The integrity of the 2016 election has been under intense scrutiny since almost the moment the results were announced. We have Jill Stein demanding recounts in multiple states, the CIA accusing Russia of interfering with the vote, and faithless electors pledging to go rogue when the electoral college meets on December 19th. In the name of thoroughness, it’s worth asking one more question about the election that hasn't received as much attention: Is it possible to hack the electoral college vote?
Probably not — at least, not by the traditional definition of the word “hack." Let’s take look at how the electoral college voting process actually works.
First, the electors meet in their respective states to cast their votes for president and vice president. Each elector fills out two ballots (one for president, one for vice president), and signs it. After counting the votes, each state’s electors prepare something called the Certificate of Vote. This is the official document that states the outcome of the state’s electoral college vote, and it includes the names of all of the state’s electors as well. Every elector has to sign this document to confirm that the vote tally is correct (To get an idea what it looks like, here are the Certificates of Vote from 2012).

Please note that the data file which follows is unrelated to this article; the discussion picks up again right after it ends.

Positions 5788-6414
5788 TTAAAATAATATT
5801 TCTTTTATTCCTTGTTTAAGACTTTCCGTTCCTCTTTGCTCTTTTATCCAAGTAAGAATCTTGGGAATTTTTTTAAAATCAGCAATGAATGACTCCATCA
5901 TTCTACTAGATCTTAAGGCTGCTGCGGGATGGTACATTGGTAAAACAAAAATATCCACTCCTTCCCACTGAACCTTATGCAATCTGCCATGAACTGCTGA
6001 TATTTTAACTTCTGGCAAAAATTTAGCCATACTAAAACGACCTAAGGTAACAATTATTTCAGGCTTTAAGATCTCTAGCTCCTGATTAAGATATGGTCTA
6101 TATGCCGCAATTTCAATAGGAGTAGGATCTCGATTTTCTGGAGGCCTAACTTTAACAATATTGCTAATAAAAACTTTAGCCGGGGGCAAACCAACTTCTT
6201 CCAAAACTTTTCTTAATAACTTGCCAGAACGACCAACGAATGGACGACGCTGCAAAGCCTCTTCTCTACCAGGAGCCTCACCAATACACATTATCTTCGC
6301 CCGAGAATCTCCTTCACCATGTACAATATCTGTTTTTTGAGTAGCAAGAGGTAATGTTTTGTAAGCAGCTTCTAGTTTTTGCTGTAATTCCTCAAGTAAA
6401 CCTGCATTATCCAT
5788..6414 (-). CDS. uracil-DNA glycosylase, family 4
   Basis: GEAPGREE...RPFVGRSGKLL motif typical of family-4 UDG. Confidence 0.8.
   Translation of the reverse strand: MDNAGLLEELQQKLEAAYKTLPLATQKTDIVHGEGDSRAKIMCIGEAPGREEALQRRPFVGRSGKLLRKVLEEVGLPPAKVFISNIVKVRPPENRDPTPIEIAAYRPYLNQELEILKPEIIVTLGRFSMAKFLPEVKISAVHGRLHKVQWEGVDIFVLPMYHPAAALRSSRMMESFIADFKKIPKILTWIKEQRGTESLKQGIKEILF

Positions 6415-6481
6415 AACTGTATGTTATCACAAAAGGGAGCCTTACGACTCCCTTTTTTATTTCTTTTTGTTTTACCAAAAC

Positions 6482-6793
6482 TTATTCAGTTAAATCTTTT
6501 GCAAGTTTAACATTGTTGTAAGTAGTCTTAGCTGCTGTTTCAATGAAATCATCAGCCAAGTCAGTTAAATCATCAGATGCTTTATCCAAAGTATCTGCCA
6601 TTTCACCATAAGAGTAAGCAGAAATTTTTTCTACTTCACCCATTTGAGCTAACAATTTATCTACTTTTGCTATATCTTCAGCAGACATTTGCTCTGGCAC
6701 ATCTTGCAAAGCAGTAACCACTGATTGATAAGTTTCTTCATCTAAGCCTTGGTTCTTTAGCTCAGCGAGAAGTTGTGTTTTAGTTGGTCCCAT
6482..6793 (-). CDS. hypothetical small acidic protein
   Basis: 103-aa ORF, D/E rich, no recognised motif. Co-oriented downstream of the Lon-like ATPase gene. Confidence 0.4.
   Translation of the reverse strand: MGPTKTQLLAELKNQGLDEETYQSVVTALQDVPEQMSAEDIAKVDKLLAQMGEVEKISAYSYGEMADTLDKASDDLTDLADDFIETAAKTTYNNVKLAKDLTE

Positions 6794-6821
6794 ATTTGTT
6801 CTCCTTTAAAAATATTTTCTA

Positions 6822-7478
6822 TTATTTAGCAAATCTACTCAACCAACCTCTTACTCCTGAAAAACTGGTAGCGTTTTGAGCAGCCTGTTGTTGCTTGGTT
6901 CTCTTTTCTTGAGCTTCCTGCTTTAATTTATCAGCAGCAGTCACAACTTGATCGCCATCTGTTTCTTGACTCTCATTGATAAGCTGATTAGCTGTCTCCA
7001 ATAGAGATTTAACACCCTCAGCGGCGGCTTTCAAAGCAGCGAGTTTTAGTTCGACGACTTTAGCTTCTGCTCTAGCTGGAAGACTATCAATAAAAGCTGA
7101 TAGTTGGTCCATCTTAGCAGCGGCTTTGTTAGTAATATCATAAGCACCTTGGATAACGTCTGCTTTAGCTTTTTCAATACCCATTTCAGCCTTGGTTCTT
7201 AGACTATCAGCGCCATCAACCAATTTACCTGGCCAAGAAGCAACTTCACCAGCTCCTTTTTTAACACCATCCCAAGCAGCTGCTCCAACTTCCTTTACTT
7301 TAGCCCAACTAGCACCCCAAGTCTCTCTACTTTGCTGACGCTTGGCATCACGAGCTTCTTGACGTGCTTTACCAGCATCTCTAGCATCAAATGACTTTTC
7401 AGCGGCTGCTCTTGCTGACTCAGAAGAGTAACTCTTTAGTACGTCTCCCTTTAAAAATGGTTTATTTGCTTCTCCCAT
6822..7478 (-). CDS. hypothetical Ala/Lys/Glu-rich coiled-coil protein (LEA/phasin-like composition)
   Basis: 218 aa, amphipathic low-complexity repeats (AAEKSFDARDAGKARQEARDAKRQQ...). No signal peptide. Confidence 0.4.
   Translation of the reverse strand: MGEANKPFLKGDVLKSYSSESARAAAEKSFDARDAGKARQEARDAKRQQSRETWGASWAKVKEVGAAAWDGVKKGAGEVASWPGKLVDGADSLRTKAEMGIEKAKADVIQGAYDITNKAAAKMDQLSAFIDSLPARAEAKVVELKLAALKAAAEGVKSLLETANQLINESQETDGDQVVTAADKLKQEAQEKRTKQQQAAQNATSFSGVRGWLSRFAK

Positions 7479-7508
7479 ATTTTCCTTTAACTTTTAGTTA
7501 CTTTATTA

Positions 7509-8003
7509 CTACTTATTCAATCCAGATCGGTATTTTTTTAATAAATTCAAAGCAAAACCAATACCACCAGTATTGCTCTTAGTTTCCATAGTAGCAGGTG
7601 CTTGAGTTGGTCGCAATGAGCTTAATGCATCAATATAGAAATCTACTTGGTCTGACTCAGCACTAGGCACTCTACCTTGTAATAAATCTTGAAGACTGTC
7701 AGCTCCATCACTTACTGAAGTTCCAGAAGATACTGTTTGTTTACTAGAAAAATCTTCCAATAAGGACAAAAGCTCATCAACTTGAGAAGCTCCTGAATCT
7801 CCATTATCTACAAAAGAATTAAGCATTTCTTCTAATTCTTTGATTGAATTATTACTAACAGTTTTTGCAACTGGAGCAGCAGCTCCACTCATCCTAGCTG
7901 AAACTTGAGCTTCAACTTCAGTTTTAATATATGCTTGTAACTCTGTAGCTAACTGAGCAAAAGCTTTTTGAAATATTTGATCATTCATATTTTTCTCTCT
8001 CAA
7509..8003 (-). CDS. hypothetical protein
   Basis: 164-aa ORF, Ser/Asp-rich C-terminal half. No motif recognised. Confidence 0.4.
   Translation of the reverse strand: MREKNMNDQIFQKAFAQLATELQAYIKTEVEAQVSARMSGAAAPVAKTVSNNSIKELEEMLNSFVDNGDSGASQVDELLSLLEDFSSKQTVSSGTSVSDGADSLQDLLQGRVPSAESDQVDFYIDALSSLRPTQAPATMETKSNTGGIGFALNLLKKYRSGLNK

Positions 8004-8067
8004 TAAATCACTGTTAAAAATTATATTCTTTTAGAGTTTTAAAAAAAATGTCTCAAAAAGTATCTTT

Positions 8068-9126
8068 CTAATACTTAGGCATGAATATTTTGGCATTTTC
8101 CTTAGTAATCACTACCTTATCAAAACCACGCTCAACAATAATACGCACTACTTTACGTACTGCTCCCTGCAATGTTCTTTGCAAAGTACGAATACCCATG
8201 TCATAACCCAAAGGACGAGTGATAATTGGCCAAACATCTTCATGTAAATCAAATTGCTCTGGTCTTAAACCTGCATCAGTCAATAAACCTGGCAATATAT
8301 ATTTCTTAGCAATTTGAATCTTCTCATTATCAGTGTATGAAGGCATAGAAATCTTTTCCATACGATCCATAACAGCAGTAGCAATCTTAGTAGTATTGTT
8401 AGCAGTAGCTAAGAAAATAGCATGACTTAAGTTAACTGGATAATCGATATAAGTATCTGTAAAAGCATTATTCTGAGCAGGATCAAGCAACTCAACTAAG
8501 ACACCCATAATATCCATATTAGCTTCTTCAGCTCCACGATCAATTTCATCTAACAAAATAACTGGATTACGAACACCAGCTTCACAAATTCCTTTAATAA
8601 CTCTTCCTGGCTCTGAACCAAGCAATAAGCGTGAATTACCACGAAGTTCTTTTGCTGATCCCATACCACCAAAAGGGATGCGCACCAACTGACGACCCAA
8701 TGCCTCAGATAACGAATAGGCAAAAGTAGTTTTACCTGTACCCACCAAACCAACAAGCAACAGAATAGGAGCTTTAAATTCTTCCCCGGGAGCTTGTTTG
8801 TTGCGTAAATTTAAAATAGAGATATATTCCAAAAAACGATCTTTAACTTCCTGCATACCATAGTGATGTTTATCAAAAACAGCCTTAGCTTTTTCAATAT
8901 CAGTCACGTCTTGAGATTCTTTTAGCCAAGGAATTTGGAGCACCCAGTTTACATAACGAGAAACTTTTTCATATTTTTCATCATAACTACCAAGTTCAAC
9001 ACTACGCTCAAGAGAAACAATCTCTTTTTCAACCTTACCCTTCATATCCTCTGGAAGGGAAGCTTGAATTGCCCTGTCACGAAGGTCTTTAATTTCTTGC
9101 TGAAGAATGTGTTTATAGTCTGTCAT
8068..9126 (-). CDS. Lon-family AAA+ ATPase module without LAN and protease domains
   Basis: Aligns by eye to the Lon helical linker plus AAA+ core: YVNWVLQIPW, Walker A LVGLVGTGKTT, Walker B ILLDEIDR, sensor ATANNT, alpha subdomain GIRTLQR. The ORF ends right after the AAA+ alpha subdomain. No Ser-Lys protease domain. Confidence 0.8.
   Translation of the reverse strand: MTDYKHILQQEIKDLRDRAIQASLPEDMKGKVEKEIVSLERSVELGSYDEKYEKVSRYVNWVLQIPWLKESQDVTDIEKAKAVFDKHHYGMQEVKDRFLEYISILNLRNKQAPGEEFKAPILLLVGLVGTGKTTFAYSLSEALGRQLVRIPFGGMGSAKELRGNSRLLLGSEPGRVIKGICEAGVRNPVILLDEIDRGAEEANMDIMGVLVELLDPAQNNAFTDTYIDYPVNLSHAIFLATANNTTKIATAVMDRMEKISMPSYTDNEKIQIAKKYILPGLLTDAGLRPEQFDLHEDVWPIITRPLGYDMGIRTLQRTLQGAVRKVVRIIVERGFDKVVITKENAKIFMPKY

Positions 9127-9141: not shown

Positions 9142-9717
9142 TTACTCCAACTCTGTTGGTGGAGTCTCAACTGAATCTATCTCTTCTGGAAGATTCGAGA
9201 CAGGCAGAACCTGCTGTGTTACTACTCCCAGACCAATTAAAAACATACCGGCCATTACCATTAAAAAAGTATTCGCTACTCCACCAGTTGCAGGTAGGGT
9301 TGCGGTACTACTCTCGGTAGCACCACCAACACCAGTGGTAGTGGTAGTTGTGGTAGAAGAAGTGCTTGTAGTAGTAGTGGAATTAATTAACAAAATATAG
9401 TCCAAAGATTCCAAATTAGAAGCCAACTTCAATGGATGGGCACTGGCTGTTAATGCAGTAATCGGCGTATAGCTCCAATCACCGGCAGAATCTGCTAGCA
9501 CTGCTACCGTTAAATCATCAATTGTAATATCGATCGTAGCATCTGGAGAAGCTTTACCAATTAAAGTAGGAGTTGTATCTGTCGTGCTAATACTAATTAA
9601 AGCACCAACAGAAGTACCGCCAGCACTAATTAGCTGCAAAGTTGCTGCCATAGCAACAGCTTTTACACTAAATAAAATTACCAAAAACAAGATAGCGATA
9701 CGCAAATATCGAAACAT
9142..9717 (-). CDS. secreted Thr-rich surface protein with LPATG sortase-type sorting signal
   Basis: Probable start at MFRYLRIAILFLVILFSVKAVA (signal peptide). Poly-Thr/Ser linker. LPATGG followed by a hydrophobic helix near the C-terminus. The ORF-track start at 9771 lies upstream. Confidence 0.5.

At that point, six copies of the Certificate of Vote are made, all of which are immediately sealed and sent by registered mail to various officials:
- One copy goes to the President of the Senate — in this case, Vice President Joe Biden*
- Two copies go to the archivist of the United States at the National Archives and Records Administration in Maryland
- Two copies go to the state’s Secretary of State; one of these is made available to the public, while the other is held in case the archivist or President of the Senate don’t receive their copies
- One copy goes to the chief judge of the Federal District Court of the district in which the electors met; this copy, too, is held as a backup copy in case another copy doesn’t reach its intended recipient
Included with each Certificate of Vote is a different document called the Certificate of Ascertainment, which is prepared earlier by the governor and contains the names of the state’s electors; this is to confirm that the people who voted at the electoral college meeting were actually the official electors.
As you can see, this is a pretty difficult process to hack. It’s all done by hand; the electors themselves certify the results; the certificates are immediately sent to the relevant official; and multiple copies are prepared as backups. There’s not much room for tampering there.
Of course, even with this process, one can imagine all sorts of fantastical ways in which the vote could be altered: Postal workers swapping the results before they reach government hands, thieves breaking into the Senate mailroom, U.S. Postal Service trucks getting hijacked, the archivist getting paid off, and so on. But that’s the kind of stuff that happens more in an Ocean’s Eleven movie than in reality, so unless we’re actually living in a heist film, it’s hard to see how the electoral college vote could be hacked.
Make no mistake: Many aspects of the voting process in the U.S. are in dire need of improvement. Voter suppression and disenfranchisement, foreign interference, and yes, even the electoral college itself are all serious inhibitors of true, direct democracy. But the manner in which the electors cast their votes is, all things considered, relatively airtight.
*The Vice President of the United States serves as President of the Senate